Granulated garlic works well in barbecue rubs, marinades, chili and tomato sauces. Cook with it in much the same way that you use garlic powder, as it is a similar product but with a slightly coarser texture. Like garlic powder, granulated garlic makes a poor substitute for fresh chopped garlic in recipes that specifically call for this ingredient.
Manufacturers produce granulated garlic by drying fresh garlic cloves and then grinding them into smaller particles. While normal garlic powder has only a slightly gritty texture, granulated garlic is much coarser. Its coarse texture makes granulated garlic a poor choice for recipes where a very smooth texture is paramount, such as soups.
Granulated garlic's coarse texture lends itself well to dishes like barbecued meat. Mixed with spices such as paprika, onion powder and cracked peppercorns, granulated garlic makes an excellent barbecue rub. During cooking, these spices form a crispy crust on the outside of the meat. While finer spices may fall off, granulated garlic's coarse texture helps it adhere to the meat's surface.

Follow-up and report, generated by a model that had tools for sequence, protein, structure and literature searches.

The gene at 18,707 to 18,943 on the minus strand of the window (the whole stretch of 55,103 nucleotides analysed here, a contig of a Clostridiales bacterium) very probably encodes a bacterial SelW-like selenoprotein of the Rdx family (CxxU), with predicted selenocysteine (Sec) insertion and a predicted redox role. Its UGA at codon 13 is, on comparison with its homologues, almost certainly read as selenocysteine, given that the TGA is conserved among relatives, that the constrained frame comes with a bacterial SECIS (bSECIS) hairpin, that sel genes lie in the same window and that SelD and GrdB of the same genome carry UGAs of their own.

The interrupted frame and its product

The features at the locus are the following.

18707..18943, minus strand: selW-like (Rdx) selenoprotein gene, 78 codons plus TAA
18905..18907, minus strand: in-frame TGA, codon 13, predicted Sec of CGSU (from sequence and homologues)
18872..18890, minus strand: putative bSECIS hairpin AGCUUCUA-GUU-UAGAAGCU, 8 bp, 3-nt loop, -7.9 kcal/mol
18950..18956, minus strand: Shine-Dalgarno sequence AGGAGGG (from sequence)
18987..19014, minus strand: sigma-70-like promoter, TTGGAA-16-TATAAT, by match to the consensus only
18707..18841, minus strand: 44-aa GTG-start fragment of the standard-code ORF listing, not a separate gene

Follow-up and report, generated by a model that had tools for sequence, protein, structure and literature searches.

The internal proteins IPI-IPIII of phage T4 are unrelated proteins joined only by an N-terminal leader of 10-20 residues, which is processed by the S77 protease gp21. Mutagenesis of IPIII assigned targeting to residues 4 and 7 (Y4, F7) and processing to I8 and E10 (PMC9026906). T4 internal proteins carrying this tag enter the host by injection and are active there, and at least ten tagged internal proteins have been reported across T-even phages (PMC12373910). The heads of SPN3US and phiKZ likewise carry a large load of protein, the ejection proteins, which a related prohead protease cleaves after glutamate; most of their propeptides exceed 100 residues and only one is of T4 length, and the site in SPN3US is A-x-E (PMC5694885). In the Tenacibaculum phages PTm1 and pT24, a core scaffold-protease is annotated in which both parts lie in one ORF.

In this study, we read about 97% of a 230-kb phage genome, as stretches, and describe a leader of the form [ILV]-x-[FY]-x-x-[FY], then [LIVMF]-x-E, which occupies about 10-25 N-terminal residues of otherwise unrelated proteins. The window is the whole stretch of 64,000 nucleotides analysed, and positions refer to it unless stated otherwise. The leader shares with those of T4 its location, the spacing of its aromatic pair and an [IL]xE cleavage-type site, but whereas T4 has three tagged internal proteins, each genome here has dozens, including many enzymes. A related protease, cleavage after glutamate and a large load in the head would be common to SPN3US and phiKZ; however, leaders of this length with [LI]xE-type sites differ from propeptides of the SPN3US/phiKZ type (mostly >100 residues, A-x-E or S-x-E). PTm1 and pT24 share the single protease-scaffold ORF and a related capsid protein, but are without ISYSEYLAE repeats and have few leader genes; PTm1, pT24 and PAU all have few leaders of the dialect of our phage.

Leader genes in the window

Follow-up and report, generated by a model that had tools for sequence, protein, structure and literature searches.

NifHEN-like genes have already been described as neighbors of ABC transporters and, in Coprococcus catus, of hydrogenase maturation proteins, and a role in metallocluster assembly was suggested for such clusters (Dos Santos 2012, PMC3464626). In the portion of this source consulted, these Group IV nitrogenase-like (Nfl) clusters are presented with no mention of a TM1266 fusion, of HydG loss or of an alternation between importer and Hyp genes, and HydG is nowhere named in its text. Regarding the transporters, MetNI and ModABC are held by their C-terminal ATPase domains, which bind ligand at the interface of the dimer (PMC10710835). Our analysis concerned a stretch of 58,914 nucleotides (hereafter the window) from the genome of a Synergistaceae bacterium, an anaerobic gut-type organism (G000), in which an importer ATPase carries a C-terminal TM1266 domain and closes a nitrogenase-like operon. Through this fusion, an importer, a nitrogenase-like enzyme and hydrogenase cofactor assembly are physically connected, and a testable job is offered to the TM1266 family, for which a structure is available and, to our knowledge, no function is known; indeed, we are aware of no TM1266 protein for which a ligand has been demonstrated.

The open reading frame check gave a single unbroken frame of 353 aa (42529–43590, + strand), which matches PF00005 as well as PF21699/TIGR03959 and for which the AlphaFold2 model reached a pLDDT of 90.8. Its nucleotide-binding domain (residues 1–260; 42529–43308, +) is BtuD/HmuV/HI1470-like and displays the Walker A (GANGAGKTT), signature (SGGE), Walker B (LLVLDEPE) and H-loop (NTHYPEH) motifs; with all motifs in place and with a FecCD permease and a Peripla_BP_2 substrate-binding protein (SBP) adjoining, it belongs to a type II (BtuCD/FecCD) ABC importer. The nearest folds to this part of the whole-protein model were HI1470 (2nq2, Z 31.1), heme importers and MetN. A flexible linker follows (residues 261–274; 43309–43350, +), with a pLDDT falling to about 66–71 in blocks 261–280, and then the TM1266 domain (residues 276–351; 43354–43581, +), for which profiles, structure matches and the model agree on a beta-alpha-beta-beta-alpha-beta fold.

While freshly chopped garlic is usually the top choice for making garlic bread, granulated garlic can make a decent substitute. Granulated garlic is particularly useful when making garlic bread under a hot broiler, as fresh garlic may scorch and become bitter in these conditions.